What kinds of fertilizers are best
- The minerals plants use are the same whether from compost, manure, or fertilizer from a bag.
- Plants need a proper balance of all nutrients. Remove guesswork from your feeding by using just what is needed.
- Twelve of the thirteen minerals occur naturally in the soil and are mined and then packaged and sold commercially.
- The mining process removes impurities and heavy metals, and concentrates the minerals so that we always know what we are buying.
- Mixing minerals according to the needs of vegetable plants, and then applying small amounts to the soil, assures that none is wasted.
- Wherever mineral nutrients are available their use is recommended – always in moderation – according to plant needs.
- Calcium, from lime or gypsum, is as important for plants as it is for humans, but it’s often neglected in the family garden.
- Before planting, mix 1 ounce of “pre-plant” per foot into your soil-bed, consisting of 80 parts lime, 4 parts magnesium (Epsom Salt), and one part boron (20 Mule Team Borax). Use gypsum instead of lime if you receive less than 20″ of annual rainfall.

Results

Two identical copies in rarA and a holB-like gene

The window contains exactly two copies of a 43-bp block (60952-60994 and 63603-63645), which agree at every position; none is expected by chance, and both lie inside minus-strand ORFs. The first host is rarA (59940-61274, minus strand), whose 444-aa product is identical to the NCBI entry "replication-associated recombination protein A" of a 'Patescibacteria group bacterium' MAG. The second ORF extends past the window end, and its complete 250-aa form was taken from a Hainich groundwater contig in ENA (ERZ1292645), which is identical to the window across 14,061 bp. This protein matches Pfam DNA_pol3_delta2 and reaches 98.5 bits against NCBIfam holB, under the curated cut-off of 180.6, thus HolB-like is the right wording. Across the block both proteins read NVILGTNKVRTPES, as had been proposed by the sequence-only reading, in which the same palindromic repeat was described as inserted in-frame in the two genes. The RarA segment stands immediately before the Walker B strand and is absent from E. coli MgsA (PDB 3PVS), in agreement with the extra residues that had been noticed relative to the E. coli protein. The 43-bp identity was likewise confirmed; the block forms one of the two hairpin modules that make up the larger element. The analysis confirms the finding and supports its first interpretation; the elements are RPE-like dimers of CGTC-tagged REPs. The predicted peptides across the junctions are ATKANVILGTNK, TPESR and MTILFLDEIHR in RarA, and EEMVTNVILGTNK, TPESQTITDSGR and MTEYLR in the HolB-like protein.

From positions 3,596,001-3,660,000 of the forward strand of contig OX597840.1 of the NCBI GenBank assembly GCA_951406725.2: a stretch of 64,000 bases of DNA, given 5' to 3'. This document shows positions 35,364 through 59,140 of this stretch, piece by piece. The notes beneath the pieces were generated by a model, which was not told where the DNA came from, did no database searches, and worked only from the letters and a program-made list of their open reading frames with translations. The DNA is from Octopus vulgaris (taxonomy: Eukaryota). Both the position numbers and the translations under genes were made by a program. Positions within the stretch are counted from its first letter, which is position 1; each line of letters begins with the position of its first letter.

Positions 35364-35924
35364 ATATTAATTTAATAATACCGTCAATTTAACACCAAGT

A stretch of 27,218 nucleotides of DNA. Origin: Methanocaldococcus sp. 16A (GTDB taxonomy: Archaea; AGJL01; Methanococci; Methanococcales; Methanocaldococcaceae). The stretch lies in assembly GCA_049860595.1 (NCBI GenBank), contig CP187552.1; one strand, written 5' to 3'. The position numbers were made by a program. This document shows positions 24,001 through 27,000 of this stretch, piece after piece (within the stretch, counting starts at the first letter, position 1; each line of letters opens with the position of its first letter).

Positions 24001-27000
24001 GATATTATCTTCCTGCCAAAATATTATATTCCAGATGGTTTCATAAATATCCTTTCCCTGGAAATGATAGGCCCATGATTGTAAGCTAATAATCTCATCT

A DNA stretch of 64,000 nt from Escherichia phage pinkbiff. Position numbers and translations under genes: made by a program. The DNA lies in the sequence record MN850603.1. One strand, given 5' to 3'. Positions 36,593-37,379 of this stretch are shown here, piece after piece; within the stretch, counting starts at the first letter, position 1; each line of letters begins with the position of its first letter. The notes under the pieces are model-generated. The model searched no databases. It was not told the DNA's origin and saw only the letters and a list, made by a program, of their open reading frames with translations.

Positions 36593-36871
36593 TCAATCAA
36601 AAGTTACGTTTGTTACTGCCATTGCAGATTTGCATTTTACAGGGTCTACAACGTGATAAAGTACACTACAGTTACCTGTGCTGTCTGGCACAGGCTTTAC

- Small amounts of the other minerals are also applied before planting, and weekly after plants emerge. A simple temporary “growing mix” includes 6 # of 16-16-16 (NPK), 1# Epsom Salt, and 1 teaspoon 20 Mule Team Borax. Each application is ½ ounce per foot. Pre-mixed micro-nutrients can be added to make a balanced fertilizer mix (link 8).
- If packaged minerals are not available, compost and manure can be used (Link 9). Avoid un-sterilized material (Link 10), as it may introduce weed seeds, bugs, and disease into your garden. Apply ½” before planting, and ¼” bi-weekly after plants emerge, mixed into the soil surface.
Soil Tests Needed For The Family Garden?
“Soil tests are important for commercial growers, but it is neither practical nor necessary for the small family garden.”
“Natural mineral nutrients in a balanced formula, applied in small amounts over the growing season, are the best solution for the family garden.”
BYU Soil Lab